Soak 518 grams of rice in 518 ml of distilled or filtered water in a one gallon bucket. place somewhere at room temp overnight 68 degrees +/-. Soak a mixture of 58 grams of Koji rice in 572 ml of distilled or filtered water in the other 1 gallon bucket and place in the fridge. Steam non-Koji-rice the next day, and let cool down to 86 degrees or less. Place the steamed rice back in the bucket and add the koji-rice into the rice bucket, add 570 ml of distilled or filtered water and give it a stir. Let the mix sit for two or three days at room temp covered with the lid, and give it a swirl once a day. The mix should become mushy as the Koji mold uses the enzymes in it to break down the starch in the steamed rice into simple sugars.
*"Sanitize and rinse your graduated cylinder and alcoholmeter rod before you take a Gravity reading. Keep all of your stuff cleaned and rinsed before each use and you won't have any problems."
Take a sample from your pre-stage and run it through a mesh filter into a funnel over your graduated cylinder and fill 3/4 of the way up. Your initial readings should be right around +/- 1.06. The higher the number here the higher the estimated ABV you will have at the end. Take your Wyeast and break the smack pack inside. Let the yeast packet sit for a few hours in room temp and then add the yeast to the pre-staging. Cover and add Co2 valve. Leave at room temperature and move directly to stage 1.
Soak 518 grams of rice for 15 min.
Steam rice and cool to 86 degrees F or lower.
Add to one gallon bucket.
Add 57 grams of dry Koji rice & steamed rice.
Add to one gallon bucket.
Add 1 tablespoon of citric acid or (¼ cup) of lemon juice.
Let sit for 2 days somewhere cool, (between 45-70 (F)
Stir once or twice a day
Soak 1036 grams of rice for about 15 min.
Steam cook the rice
Cool rice to 86 degrees or lower
Add cool rice to 6.5 gallon bucket
Add 2285 milliliters or (2.28 liters) of distilled or filtered water to 6.5 gallon bucket
Add 228 grams of dry Koji rice
Add contents of one gallon bucket to 6.5 gallon bucket
Stir and cover
Let sit for two more days
Stir twice a day
Soak 2073 grams of rice for 15 min
Steam cook the rice.
Add cool rice to the 6.5 gallon bucket and mix well
Add 456 grams of dry Koji
Add 4570 milliliters or (4.56 liters) of distilled or filtered water.
Place bucket aside between 38 and 70 degrees (F) for few weeks. Just a reminder, Sake tends to be a bit drier the warmer the temp is while it is fermenting. .Let sit for 4 weeks, stiring once a day.
Dump Sake through a strainer sitting on top of the cleaned out and sterilized smaller bucket. Leave strainer sitting on the bucket, cover with Saran wrap and let sit overnight so it can drip out of the Lees. 12 hours later, (or the next day) take the Lees away. Cover and place in a cool dry area for about a week. The pieces that slipped through the strainer will fall to the bottom of the bucket. From here you can siphon out or rerun the strainer process into another sterilized bucket, or you can pour it into a modified Brita water pitcher. (Take the filter out and stuff the center with paper towels and then pour your sake into it letting the paper towels catch whats left from the bottom of the bucket), then pour it into cleaned out and sterilized bucket. Run the Sake through the Brita jug (with papertowels in the hole) 3-5 times to clear it up, it won't clear it up 100% but it will have an effect on it. *(If you have lots more Lees at the bottom do the paper towel filter version again. Place Sake someplace cold for 1 week to cold crash, this will speed up flocculation and then you can either run it through the modified Brita papertowel filter again. Move on to the next step.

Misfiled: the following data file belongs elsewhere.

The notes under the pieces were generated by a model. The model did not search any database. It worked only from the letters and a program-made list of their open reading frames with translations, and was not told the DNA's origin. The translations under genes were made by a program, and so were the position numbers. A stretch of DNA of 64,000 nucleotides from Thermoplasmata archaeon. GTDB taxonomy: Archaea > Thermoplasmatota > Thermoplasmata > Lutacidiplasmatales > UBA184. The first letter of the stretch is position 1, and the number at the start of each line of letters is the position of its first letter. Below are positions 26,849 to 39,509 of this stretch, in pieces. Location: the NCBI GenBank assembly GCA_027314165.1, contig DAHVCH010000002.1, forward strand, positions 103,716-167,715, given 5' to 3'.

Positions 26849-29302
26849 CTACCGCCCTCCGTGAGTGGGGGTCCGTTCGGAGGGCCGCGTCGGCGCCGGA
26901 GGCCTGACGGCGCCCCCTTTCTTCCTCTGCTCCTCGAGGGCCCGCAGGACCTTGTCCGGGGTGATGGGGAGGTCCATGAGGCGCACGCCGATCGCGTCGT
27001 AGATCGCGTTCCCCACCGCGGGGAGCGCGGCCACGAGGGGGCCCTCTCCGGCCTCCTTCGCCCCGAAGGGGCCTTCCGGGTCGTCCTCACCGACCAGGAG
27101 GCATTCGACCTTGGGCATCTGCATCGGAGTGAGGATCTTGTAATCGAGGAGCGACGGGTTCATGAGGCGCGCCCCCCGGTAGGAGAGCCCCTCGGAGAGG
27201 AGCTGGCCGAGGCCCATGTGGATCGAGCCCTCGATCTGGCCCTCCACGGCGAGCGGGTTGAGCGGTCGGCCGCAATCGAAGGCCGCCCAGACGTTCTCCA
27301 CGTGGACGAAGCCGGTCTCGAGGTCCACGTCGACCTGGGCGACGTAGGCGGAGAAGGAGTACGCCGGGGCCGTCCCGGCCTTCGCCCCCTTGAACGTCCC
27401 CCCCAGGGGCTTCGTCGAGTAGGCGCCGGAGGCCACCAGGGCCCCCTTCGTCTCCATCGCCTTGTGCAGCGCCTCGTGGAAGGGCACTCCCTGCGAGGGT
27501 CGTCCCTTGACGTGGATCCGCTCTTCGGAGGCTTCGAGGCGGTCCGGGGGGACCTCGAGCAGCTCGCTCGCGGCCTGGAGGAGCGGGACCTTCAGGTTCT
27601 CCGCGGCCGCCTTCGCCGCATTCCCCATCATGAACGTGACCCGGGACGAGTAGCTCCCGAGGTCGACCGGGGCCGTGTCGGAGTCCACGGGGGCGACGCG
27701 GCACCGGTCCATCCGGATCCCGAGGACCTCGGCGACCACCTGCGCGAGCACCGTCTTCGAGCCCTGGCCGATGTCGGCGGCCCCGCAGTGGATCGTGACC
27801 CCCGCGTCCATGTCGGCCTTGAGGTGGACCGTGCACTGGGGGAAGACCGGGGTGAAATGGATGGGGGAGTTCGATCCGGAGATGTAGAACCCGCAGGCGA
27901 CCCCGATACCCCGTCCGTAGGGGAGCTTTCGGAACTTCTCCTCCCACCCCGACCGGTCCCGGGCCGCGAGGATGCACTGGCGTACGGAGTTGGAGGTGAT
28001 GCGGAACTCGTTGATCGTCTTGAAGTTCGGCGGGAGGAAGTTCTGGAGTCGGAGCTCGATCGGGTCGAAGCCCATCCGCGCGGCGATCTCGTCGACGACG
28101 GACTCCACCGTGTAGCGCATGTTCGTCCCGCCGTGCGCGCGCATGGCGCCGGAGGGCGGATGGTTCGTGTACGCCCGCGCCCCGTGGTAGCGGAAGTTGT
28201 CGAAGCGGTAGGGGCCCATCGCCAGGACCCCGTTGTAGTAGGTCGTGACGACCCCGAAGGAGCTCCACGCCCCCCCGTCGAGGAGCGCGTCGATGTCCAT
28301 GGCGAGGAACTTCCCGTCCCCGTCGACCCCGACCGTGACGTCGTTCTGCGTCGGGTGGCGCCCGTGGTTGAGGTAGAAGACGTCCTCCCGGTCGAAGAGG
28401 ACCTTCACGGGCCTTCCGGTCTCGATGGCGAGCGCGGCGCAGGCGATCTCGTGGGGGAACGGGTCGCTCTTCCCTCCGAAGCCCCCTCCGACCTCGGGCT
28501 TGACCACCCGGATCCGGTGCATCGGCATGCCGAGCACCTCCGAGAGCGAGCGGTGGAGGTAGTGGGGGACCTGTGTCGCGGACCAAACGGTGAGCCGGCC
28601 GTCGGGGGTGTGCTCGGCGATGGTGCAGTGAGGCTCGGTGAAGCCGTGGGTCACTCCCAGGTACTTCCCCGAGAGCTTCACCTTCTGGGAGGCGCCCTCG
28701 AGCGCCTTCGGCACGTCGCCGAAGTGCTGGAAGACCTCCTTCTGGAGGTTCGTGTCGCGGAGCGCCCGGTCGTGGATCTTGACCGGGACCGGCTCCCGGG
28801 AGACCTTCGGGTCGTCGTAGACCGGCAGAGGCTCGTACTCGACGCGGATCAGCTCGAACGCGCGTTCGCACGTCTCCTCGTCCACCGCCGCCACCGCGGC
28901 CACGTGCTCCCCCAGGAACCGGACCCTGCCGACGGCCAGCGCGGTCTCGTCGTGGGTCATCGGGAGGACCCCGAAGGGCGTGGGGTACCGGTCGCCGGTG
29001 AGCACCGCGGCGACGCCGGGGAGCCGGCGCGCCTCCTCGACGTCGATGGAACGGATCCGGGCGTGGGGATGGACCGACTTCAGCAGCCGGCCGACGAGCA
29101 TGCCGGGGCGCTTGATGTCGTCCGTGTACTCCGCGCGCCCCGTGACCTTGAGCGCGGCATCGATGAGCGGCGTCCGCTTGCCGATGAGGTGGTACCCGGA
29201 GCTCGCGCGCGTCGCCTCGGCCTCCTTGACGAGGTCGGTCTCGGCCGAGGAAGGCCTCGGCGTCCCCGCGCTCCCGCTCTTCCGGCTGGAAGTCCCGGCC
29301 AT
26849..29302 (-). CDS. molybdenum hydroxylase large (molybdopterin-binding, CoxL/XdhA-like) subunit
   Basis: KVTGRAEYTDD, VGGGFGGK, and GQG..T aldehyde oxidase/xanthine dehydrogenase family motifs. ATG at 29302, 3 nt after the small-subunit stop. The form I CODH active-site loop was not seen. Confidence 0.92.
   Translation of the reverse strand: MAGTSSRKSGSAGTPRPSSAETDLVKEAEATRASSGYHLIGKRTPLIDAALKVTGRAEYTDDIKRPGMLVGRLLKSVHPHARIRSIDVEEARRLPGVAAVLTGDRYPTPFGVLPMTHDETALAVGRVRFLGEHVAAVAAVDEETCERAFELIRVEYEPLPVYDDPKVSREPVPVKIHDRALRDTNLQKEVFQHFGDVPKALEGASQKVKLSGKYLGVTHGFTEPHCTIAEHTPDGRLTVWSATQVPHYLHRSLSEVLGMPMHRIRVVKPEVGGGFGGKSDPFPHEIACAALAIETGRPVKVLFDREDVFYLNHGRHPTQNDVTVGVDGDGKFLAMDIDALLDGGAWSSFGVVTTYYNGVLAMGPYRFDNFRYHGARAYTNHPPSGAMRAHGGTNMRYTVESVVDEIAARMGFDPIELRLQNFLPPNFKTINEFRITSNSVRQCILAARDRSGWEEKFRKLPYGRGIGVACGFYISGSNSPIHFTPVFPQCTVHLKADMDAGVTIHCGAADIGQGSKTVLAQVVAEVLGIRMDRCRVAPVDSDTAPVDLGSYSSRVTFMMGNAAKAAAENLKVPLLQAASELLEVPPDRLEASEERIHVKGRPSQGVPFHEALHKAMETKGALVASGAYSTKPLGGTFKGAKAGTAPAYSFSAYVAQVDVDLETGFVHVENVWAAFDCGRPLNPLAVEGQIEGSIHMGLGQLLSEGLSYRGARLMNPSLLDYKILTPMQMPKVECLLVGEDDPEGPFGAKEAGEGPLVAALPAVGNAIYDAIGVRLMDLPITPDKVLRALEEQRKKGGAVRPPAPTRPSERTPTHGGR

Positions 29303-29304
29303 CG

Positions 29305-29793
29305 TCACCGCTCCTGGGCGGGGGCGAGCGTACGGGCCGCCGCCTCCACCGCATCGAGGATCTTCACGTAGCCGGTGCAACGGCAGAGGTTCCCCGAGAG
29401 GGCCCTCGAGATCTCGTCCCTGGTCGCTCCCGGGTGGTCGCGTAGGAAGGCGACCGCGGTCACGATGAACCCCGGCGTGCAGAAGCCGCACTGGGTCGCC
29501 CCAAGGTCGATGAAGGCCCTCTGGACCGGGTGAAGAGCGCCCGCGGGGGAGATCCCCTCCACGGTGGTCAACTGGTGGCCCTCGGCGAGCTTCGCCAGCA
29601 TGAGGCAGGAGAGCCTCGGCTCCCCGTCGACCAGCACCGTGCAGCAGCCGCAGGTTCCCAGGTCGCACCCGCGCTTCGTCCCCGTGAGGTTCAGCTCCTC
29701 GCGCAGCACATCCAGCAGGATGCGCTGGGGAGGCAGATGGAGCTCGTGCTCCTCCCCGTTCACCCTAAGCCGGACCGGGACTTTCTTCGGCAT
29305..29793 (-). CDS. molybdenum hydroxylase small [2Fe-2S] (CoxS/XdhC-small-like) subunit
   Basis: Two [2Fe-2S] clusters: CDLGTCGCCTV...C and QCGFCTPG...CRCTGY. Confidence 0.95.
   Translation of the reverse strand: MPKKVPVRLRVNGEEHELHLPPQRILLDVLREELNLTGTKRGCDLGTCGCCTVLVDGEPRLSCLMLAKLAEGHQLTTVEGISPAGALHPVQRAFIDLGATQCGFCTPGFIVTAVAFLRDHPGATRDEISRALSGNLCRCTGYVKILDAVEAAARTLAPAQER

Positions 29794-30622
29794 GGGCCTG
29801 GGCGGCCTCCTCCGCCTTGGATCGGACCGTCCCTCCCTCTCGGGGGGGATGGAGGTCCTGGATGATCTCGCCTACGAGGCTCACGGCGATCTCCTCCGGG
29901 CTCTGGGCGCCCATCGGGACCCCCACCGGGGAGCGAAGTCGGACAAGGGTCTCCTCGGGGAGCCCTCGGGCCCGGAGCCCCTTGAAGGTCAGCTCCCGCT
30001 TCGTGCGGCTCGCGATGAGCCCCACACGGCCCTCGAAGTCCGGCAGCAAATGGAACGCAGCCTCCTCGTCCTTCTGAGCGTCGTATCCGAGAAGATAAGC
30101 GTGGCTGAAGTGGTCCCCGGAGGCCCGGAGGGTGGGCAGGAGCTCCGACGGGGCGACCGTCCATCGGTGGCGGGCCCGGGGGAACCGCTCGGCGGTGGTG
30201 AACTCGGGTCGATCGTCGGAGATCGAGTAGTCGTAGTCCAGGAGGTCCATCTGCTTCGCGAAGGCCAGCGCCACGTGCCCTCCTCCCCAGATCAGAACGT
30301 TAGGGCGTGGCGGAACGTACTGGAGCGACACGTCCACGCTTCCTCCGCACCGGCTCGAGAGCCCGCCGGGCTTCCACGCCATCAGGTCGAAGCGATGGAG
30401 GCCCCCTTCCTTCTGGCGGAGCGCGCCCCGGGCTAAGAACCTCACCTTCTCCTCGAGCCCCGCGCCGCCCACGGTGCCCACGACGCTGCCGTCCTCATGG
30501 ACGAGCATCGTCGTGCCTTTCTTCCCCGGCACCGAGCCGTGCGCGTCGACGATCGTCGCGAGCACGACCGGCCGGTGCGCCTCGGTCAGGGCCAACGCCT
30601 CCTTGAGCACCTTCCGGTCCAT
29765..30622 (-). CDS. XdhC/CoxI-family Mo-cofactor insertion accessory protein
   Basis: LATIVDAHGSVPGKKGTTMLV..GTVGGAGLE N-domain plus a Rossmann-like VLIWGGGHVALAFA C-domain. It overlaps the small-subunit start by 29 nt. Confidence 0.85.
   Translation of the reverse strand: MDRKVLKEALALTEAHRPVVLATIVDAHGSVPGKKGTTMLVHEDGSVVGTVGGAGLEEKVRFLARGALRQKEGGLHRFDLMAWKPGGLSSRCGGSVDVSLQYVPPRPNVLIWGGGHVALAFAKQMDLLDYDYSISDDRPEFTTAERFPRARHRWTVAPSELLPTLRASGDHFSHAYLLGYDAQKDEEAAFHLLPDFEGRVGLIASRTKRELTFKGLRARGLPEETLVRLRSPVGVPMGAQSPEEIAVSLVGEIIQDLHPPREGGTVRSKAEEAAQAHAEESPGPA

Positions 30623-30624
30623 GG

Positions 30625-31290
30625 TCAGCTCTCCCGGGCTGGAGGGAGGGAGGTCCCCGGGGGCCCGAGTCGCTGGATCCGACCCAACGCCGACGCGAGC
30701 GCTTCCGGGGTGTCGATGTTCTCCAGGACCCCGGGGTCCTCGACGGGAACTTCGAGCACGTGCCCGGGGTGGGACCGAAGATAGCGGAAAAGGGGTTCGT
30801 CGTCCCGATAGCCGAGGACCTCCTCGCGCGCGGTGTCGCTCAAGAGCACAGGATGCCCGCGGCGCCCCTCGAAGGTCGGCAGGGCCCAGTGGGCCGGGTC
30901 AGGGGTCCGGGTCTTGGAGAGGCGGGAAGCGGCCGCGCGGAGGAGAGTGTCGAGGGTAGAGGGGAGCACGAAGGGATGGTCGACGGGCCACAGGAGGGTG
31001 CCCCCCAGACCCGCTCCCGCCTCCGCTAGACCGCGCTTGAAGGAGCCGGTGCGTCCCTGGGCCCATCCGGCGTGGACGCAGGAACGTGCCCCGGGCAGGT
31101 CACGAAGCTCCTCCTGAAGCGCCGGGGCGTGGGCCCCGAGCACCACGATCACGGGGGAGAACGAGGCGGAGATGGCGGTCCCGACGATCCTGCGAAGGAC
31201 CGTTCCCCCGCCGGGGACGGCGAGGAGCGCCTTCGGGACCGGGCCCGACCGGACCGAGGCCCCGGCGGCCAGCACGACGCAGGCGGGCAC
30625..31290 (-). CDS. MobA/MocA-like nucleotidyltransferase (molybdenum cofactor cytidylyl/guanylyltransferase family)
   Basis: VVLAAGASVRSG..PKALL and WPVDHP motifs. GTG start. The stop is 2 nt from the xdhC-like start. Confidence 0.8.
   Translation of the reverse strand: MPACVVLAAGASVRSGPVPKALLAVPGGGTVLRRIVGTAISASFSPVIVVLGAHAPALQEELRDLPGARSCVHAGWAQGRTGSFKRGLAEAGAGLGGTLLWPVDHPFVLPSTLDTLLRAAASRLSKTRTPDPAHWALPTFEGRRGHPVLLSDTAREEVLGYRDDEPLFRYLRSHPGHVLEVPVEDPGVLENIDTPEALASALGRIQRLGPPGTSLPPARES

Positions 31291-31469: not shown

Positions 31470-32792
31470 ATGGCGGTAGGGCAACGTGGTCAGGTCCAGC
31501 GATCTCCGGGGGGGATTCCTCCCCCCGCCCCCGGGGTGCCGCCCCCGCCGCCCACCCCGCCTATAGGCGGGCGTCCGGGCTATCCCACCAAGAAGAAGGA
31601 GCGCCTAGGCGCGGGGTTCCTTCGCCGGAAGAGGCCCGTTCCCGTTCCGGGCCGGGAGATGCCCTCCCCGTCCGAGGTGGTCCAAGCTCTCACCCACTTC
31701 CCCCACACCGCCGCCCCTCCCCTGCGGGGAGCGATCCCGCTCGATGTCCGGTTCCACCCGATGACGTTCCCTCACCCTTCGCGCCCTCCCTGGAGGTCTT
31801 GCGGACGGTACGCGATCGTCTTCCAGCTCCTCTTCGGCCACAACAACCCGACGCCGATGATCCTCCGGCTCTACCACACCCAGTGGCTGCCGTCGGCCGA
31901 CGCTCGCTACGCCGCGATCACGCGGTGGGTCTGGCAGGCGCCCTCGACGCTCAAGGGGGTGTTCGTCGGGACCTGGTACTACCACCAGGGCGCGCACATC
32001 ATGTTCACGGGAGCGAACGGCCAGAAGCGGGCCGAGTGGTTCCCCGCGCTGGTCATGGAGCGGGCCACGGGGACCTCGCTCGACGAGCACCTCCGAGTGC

Sake, like beer, can be easily infected by mold and bacteria. If you plan on keeping it at or below 40F you probably could get away without pasteurizing it, but it wouldn't stay good for very long, (maybe a month). The pasteurization step helps to ensure that fermentation has stopped and that all the nasties are killed. To pasteurize, place your sake inside glass containers or double boiler. Fill a pot 1/2 full of water and put the sake filled container/containers inside. Turn on the heat and measure the temperature of the sake (not the water). Once the Sake in the glass containers has reached 140F take them out and cap them. If the Sake that is in the top of the double boiler has reached the 140F turn off heat and take away from the burner. Pour the Sake into bottles and cap the bottles. I say cap because you reduce the risk of breaking the bottles when attempting to put corks in them. Let the bottles cool down on the counter after capping and then you can place them in the fridge, or a cool, dry, dark place. Technically speaking, Sake can be stored at room temperature after pasteurization.
"A science note: Florescent lighting does produce UV light and can damage the Sake.
Bottle your Sake and place in a cool, dry area out of the light. Let sit for 3-6 months."
Unopened Sake should be aged 3-6 months and will almost always not last a year past its date of bottling. You can start drinking it immediately though if you want. Once opened you have about a month refrigerated before it will start turning into something you don't really want to drink anymore
Get your supplies
distilled or filtered water
Wyeast 4134 Sake #9
Koji Rice 800 grams (0.881849 lbs)
Medium grain Sushi Rice 3628.74 grams (8lbs)
Citric acid or lemon juice.(1 teaspoon Citric acid is equal to 1/4 of a cup of lemon juice)
2 (1 gallon) buckets
1 (6.5-gallon) bucket
Strainer big enough to sit on top of the bucket
Airlocks (pack of three)
Hydrometer and graduated cylinder
Digital thermometer with a metal probe
Brita water pitcher with a filter
pack of 12 green wine bottles with caps